Maybe some of children with congenital myasthenia who are far less severe fall in the group which, thanks to Jerry Lewis, is known as “Jerry’s Kids,” surely the best funded group of patients in child neurology if not almost anywhere.
(Once I was actually told by a child neurologist to change the diagnosis on a child with muscular problems to “rule out muscular dystrophy” to get some of what he then called “Jerry’s millions.”)
But for a tiny baby who hasn’t the strength to do a good job of expanding his or her own lungs, where do compassion and empathy lie?
Surely not with the judicial system.
Perhaps with the parents, although here their desires differ.
One does have to ask why the decision whether to terminate life support took one full year. My guess is that this delay had something to do with the judicial system, too.
The question is if quality of life is sufficient to prolong life.
People argue from rhetoric, from beliefs that may be easily voiced but less easily understood.
I remember an institution, again in another country although I am sure that similar exist in these United States. I remember hydrocephalics with very large heads, tiny cartoon-like entities that were condemned to life in giant incubators. I remember it with much pain and suppressed tears.
They claim that the baby can “play, recognize his parents, and respond to the world.” I do not want to sound crass, but that is the set of responses most commonlly used to describe a household pet.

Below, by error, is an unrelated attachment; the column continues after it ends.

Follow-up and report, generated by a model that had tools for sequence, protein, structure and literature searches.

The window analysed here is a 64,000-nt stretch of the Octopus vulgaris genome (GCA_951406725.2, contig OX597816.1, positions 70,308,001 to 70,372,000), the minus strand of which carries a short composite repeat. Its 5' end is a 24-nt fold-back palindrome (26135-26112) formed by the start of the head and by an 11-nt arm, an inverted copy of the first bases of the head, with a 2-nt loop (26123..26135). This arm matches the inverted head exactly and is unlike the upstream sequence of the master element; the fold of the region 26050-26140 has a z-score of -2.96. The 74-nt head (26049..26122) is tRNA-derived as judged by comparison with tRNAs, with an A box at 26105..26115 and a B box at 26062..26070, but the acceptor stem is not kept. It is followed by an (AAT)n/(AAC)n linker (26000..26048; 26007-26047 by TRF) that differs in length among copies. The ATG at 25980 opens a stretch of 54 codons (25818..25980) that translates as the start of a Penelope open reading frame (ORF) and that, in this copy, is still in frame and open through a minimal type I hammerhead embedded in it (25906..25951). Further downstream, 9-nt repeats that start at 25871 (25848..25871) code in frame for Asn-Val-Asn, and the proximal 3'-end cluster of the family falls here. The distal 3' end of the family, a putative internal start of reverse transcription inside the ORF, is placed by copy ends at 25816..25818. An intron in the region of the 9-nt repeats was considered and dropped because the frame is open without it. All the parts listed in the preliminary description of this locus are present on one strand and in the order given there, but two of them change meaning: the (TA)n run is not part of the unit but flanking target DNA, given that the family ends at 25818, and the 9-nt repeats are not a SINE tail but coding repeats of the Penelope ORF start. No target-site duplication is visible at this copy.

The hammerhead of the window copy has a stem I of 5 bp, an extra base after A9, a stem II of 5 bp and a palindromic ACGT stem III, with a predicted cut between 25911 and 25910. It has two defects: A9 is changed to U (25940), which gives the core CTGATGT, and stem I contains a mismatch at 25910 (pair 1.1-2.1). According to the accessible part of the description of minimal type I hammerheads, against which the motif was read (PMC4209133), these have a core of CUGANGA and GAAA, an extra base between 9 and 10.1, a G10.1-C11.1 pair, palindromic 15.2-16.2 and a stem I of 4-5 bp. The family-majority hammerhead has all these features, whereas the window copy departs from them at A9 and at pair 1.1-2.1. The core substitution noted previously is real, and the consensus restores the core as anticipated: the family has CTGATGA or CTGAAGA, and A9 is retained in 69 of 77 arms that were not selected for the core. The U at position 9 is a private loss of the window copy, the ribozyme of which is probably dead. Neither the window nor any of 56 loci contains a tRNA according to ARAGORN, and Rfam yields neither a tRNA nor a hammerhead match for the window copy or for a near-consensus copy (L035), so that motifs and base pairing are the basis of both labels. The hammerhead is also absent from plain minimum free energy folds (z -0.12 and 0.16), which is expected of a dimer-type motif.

Decisions have to be made on a case-by-case basis. Like everything else, a one-size-fits-all law is not going to do it here.
I propose a new criterion for “viability.” The question ought to be not what makes a being in an incubator alive, but what makes it human.
I would submit that the answer to this is the capacity for growth, as present in the brain. Where there is a limitation in respiration, there is a limitation in oxygen. Where there is a limitation in oxygen, there is a limitation in the progression of brain cells to achieve more and more memory, learning, tasks that can be generalized into living life.
By the time a child is one year old, there are certain developmental milestones. The average one year old can take the first steps. The average one year old can speak a two word sentence spontaneously.